[] Please describe what students can expect during their on-campus intensive or immersion weekend, including what kind of activities they have to engage in, what events they have to attend, et cetera.

[Dr. Vosit-Steller] The immersion weekend is a very unique and important experience for the students because it’s the first time that they actually meet each other in person, face to face. They’ve bonded in a very unique way virtually, but the campus immersion is their chance to experience Simmons campus life, community and culture. Students come to campus to go through clinical competencies that we feel are very important to complete prior to entering into their preceptorships wherever they live. They complete a suturing workshop and perform a head-to-toe physical health examination.

All students have their own interpretation of what a nurse practitioner does. We use this time to set up the expectations and explain what we expect our students to be doing as they go out into their clinical areas. We also have professional practice workshops, during which we talk to them in dialog format about why it’s important to integrate their research and scholarly projects into their clinical role, and why this is effective in improving outcomes of evidence-based practice. Such discussions are important, as some students want to become nurse practitioners and go immediately into independent practice. The students are also informed about the specifics surrounding their first clinical placement, both developmental and professional expectations, as well as the site visit process.

[] What are some of the pros and cons of attending a graduate nursing school online? What support structures are in place in online programs to help students not fall behind, and what are the advantages of an online program as opposed to an on-campus program and vice versa?

[Dr. Vosit-Steller] I think that the advantage of online education is that it’s a convenient learning format. People have a notion that it is somehow more efficient and easier. However, it’s actually not. You have to be a very organized, disciplined person to be an online student. And it takes more effort in some ways to be an online student.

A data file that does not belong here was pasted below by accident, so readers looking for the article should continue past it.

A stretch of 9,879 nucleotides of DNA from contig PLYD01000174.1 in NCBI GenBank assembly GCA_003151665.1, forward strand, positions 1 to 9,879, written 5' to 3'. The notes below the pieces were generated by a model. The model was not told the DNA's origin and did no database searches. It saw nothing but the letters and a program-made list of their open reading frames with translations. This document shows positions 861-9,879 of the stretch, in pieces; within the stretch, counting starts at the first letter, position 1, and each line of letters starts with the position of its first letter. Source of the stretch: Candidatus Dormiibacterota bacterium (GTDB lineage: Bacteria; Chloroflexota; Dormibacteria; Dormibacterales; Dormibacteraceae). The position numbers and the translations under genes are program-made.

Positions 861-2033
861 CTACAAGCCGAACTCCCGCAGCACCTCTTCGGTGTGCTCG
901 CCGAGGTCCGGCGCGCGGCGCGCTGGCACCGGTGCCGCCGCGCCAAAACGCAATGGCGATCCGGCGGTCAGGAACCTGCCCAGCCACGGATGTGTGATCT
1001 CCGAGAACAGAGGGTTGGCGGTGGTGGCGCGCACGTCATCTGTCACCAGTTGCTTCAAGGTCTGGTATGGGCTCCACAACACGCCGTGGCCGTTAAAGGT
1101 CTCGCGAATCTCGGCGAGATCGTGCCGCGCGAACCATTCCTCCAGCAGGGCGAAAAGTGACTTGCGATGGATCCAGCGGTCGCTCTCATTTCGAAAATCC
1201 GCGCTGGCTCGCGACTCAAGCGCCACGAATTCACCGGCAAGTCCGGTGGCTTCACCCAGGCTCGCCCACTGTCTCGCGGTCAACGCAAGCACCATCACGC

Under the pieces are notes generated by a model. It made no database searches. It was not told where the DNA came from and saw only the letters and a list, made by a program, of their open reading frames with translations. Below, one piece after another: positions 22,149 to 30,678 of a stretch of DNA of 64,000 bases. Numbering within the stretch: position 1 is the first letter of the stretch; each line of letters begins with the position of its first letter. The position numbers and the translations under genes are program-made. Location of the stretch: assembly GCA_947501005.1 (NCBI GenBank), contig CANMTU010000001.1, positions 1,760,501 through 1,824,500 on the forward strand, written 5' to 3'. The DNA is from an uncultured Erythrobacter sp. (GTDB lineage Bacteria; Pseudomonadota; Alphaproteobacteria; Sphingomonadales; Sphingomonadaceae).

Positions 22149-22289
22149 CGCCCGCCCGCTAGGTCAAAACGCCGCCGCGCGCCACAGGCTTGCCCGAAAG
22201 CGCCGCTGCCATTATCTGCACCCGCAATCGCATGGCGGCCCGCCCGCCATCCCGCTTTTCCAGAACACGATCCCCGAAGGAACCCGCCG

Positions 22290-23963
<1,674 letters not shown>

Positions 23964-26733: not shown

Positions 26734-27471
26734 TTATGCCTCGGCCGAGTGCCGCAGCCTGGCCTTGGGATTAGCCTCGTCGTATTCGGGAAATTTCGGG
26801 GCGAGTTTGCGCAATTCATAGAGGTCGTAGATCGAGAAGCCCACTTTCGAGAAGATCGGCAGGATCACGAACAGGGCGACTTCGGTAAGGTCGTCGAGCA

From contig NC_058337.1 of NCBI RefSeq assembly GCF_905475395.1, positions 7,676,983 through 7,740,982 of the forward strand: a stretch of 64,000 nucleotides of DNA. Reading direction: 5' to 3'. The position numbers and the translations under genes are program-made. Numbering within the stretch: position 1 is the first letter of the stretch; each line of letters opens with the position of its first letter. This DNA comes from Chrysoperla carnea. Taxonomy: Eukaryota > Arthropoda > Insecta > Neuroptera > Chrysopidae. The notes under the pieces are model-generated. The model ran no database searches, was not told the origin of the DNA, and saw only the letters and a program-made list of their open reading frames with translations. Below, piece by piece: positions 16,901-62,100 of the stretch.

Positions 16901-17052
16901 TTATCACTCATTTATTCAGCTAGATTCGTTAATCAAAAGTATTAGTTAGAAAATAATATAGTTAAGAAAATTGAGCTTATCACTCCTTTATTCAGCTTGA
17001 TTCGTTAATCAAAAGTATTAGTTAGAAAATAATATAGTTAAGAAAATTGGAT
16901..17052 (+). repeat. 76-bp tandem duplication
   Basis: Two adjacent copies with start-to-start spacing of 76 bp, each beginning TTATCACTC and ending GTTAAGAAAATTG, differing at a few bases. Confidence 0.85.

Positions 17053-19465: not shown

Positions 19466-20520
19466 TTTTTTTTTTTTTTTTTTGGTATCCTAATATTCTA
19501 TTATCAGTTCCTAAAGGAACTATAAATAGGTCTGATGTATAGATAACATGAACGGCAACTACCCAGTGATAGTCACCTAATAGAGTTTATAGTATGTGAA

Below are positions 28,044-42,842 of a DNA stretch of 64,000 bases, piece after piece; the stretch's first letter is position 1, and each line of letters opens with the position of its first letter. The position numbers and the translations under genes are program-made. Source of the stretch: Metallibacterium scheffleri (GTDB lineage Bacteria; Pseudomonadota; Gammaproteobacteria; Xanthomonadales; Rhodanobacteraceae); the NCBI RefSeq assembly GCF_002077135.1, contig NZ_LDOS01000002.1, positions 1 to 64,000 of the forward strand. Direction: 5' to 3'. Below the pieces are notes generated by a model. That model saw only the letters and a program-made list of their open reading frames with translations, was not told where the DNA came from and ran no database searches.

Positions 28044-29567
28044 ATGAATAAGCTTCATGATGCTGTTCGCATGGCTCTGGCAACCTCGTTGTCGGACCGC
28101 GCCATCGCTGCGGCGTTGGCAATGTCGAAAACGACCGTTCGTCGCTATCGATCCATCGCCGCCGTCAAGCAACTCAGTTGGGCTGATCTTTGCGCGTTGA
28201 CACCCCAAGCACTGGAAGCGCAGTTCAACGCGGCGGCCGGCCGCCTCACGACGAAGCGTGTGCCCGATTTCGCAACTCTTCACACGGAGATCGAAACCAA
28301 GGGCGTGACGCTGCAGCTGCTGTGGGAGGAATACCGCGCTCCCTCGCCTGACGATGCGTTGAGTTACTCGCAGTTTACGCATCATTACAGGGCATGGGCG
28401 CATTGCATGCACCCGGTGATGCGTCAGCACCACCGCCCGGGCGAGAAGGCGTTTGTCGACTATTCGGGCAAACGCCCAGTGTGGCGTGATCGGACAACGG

One of the biggest advantages of our online nursing program is that it offers the opportunity to nurses across the country, especially nurses who live in rural areas who might not have access to this kind of an education. It enables them to earn a graduate nursing degree. Many students have told me about how grateful they are for that opportunity. Each one of our students has a support team of admissions counselors, faculty members, academic advisors, technical support specialists, clinical placement coordinators, and career services and library staff who are dedicated to helping them throughout their academic journey and beyond.

[] How does Nursing@Simmons integrate clinical placements into the curricula for its online RN to MSN programs and MSN programs?

[Dr. Vosit-Steller] The program integrates clinical hours into our classes, beginning with our advanced health assessment course. We also include clinical hours in our immersion weekend. Students have three terms of clinical hours, 16 hours each week, or 224 hours a term. As a component of each clinical course we have “clinical decision-making,” which is a group that meets once a week, in a one-to-six faculty-to-student ratio seminar, in which they discuss the situations they encounter during their clinical placements. Students must bring prepared documents about their clinical cases and patients that they’ve seen for the week, and verbally present and discuss these cases. These clinical decision-making discussion hours are also counted as clinical hours.

We require students to complete a total of 720 clinical hours in the program. They complete a certain number of adult acute and chronic hours, some geriatrics, and then a mixture of women’s health and pediatrics.

We partner with students to locate a clinical preceptor near their community. Our faculty makes the final approval of a student’s clinical site to ensure that it is appropriate for the student.

[] Does Simmons match students to their preceptors and clinical sites, or do they approve the clinical sites and preceptors that students find themselves?

[Dr. Vosit-Steller] It’s a collaborative effort. In some cases, Simmons will match a student with a clinical site, and in other cases, if a student has a site they have identified, our team assists in the process of trying to get that approved. If a student does not have an idea of where they want to go, the clinical placement team at Simmons will help them find a place.

[] You mentioned that students have to do a specific number of hours in women’s health and adult care. Do students usually do those at the same clinical site or do they have to move to different sites?

[Dr. Vosit-Steller] Students must experience across-the-lifespan training. It is best if they are exposed to various settings and practitioners during their training. If it’s a really great site, students may stay there for more than one term, but with additional requirements and restrictions. It really depends. We keep track of the variation of patients they’re seeing.

[] Can you please explain what site visits are and what role they play in students’ clinical hours requirements? How are they different from campus visits?